S ilicon Crisis, Amazon Ads and Instagram Chronology

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Nick Cotton Mar 23, 2018

Here’s the news we’re talking about around the Zbra Studios water cooler. We’ve provided key bullet points from each article for the speed readers out there.

Silicon Valley Is Having An Existential Crisis Over “Time Well Spent.” But So Are We.
By Charlie Warzel from BuzzFeed News
  • “Across the tech industry, a reckoning is afoot. Faced with the consequences (harassment, misinformation, radicalization, polarization) wrought by the unprecedented scale of its platforms, Big Tech is — at least publicly — looking inward.”
  • “A similar reckoning is taking place for those of us who live on these platforms, too. In the last two weeks alone, it’s taken the form of a number of familiar stunts that involve ‘unplugging’ from or altering the way that we interact with the internet.”
  • “Our collective struggle to get a handle on what the internet has wrought is not unlike discussions happening now in open-plan offices across Silicon Valley. Something’s wrong, and Big Tech has (slowly) begun to admit some fault.”
Watch out, Google and Facebook: Amazon ads are on the rise
From Fast Company
  • “Overall, eMarketer expects Google and Facebook to control 56.8% of the digital ad market this year, down from 58.5% in 2017.”
  • “This year, for the first time, Amazon’s ad revenue will top $2 billion, and Snap’s will top $1 billion. The two upstarts are still tiny in comparison to Google ($40 billion) and Facebook ($21 billion), but they are growing far faster.”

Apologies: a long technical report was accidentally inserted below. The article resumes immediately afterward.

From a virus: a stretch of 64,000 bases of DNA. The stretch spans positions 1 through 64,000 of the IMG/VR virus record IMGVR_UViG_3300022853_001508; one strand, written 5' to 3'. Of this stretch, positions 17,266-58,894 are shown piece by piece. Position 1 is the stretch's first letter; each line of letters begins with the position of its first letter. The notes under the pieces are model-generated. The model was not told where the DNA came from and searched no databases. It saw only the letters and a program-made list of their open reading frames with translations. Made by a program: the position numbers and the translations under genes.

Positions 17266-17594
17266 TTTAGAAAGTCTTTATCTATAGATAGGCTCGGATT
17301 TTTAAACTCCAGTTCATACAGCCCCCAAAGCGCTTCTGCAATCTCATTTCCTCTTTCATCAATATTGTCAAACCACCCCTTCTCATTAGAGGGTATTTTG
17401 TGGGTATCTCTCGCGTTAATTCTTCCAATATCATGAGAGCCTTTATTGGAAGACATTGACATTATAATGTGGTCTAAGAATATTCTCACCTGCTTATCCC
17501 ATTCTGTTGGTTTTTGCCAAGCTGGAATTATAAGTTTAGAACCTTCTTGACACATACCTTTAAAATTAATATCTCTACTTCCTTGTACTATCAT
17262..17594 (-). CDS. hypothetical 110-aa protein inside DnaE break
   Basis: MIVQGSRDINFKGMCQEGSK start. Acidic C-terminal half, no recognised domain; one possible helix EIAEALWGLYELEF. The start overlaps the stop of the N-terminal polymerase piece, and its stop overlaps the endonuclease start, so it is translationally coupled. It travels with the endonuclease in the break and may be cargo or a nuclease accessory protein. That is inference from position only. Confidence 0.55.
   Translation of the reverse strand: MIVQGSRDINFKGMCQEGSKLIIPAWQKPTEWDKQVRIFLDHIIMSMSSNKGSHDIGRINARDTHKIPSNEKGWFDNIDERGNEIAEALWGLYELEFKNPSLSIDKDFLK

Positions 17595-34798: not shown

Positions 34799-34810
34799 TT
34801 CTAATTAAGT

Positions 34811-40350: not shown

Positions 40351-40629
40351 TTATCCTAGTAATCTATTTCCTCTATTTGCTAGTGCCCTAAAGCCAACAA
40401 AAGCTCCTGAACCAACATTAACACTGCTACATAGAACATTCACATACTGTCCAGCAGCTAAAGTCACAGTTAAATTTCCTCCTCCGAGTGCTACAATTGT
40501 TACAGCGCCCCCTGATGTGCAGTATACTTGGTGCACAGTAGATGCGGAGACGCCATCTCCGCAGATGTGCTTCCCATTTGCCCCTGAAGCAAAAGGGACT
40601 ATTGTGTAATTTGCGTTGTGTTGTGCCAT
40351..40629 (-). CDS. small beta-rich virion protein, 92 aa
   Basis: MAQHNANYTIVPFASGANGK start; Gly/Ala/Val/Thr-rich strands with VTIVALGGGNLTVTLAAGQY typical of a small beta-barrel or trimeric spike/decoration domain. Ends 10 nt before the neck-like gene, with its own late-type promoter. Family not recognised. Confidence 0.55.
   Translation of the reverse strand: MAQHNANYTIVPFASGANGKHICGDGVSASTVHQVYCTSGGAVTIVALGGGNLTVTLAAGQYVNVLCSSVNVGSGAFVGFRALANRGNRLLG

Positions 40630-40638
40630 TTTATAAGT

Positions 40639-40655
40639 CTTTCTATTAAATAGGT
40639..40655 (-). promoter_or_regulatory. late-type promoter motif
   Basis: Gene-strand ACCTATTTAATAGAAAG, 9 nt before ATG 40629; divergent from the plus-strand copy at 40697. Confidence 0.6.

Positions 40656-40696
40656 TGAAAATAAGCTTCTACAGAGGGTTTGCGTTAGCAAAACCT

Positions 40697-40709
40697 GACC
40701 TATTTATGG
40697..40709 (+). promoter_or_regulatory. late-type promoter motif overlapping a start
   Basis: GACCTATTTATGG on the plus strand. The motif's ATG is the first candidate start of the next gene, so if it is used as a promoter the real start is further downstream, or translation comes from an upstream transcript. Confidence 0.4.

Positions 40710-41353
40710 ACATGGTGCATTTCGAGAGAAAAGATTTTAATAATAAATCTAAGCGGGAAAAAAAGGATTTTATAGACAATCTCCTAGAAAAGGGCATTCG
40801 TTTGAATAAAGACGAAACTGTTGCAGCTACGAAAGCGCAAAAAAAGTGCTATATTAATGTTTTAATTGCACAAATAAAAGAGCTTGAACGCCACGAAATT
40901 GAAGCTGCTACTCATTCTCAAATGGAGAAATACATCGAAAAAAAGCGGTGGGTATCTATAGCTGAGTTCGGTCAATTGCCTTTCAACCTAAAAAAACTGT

• “For marketers, Amazon represents the best of both worlds: search intent, like Google, combined with identity, like Facebook. Amazon also lacks some of the platform dynamics that have created tension between Google and Facebook and their advertisers.”
Instagram tweaks its feed to be more chronological after years of complaints
By Hayley Tsukayama from The Washington Post
  • “Instagram is making some changes to address one of its users’ biggest pet peeves — not seeing posts as soon as they are made. A post on the company’s blog Thursday said the photo-sharing app’s feed now gives more weight to when a post was made and will prevent old posts from showing up high in your feed.”
  • “Instagram, which was bought by Facebook in 2012, used to show posts in the order in which they were posted. But it introduced a Facebook-like algorithm in 2016 that sorted posts based on other factors,”
  • “Keeping the user feed relevant is crucial for the company, which needs the data on what people look at, when they look at it and why for its advertising networks.”

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